Good design is a critical part of any web or social media presence. Like the clothes you wear to a job interview or a business meeting, a sharp looking social profile or website is the first step toward being taken seriously online.
Whether you’re a professional designer or an armchair artiste, tools abound that you can use to snazz up your web presence, and give it that polish that professionals, potential customers, and online friends have come to expect from a social media maven. We’ve talked to the experts about what they use for inspiration, collaboration, and getting down to the business of design in a social media world. Here are some of the suggestions they offered up.
1. Core Application Alternatives
In days of old, the software powerful enough to create and edit high quality graphics was expensive — and it still is, if you must have the name-brand products.
But if you’re open to experimentation and perhaps a bit of digital quirkiness, there are free, open source alternatives to some of the staples of the digital design tool set.
“I use Photoshop for any image editing I need to do, but it comes at a price,” says Alex Mathers, a freelance designer and illustrator who writes about design and social media promotion at Red Lemon Club. “I would recommend Gimp () for those requiring similar functions, and Inkscape () as an alternative for creating vector illustrations over Adobe Illustrator () … All of these programs are excellent.”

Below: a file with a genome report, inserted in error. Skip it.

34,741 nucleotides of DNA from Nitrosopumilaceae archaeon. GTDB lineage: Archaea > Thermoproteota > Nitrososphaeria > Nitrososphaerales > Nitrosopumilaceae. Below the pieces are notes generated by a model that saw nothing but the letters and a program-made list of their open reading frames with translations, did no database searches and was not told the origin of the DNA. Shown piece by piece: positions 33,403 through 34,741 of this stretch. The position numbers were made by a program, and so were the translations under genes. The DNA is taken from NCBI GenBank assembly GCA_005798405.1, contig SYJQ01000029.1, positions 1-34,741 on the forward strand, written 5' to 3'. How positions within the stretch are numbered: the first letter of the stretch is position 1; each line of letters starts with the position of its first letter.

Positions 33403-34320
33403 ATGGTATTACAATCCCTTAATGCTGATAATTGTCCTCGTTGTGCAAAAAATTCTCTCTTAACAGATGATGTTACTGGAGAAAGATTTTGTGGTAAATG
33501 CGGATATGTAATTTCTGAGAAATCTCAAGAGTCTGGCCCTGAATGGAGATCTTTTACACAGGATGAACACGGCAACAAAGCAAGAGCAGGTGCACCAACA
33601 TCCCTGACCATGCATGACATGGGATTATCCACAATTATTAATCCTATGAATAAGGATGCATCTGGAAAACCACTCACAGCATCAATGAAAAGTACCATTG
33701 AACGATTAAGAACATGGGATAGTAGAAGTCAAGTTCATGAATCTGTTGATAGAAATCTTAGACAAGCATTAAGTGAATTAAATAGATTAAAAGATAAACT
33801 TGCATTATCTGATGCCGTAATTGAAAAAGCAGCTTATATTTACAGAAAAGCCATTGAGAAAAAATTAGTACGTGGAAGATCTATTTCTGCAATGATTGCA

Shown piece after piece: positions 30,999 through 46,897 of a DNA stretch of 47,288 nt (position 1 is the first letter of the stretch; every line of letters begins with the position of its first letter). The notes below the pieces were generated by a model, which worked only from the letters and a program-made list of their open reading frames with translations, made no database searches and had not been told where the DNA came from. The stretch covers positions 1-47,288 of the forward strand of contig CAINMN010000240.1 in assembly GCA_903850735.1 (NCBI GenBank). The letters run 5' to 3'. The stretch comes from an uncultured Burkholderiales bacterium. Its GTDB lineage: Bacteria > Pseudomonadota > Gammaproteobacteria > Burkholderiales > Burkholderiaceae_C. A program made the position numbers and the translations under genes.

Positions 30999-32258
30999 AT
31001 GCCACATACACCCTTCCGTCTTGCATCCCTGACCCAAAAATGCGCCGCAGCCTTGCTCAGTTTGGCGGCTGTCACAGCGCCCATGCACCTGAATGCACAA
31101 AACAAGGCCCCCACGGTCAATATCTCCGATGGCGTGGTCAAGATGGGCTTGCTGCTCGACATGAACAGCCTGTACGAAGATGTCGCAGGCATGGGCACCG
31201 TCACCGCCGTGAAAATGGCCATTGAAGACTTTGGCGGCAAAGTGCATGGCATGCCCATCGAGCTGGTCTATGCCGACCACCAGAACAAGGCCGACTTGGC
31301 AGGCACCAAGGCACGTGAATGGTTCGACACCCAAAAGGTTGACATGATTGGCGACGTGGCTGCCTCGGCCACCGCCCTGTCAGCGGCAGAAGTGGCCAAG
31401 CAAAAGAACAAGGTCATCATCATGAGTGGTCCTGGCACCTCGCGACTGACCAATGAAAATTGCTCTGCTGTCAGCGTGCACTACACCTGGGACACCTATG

We’ve mentioned Gimp before as a powerful free alternative to Photoshop, and Inkscape has a similar mission in the realm of scalable vector graphic (SVG) creation. Unlike bitmapped images (JPEGs, PNGs, which are the final products viewed on a website), vector graphics are mathematical representations of images, and can be scaled up indefinitely to meet any size requirement. This means that one file can be used in any medium (web, print, etc.) at any size. They are indispensable to the illustrating designer.
2. Design Communities
If you’re a creative person, there’s no better way to improve your craft than by getting social. You can start by following designers and design blogs on the major social networks, but if you’re looking to really explore others’ work and share your own, design communities are key.
“Society6 is an online community that allows artists to showcase their work, sell prints and find others to collaborate with,” says Mathers. “Behance, This is Central Station, Creattica and Design Taxi are some other great creative communities that I have used that help designers connect and promote their work.”
Like any social network, the value is in sharing. “I upload any recent work I have to Society6 and Behance and use both platforms to interact with other creatives, find people to collaborate with, send and receive feedback, and generally communicate with others in similar industries,” says Mathers. “Both sites, particularly Behance, received a healthy amount of traffic … [they] are an excellent way to gain exposure in front of the right people.”
3. Design Element Resources
If you’re not an illustrator or digital artist by trade, but you love “putting it all together” for blogs, social media profiles, and websites, you’ll need a good resource base to draw from. There are many great blogs and sites that compile textures, fonts, vector illustrations, and other graphic elements that you can incorporate right into your projects for free.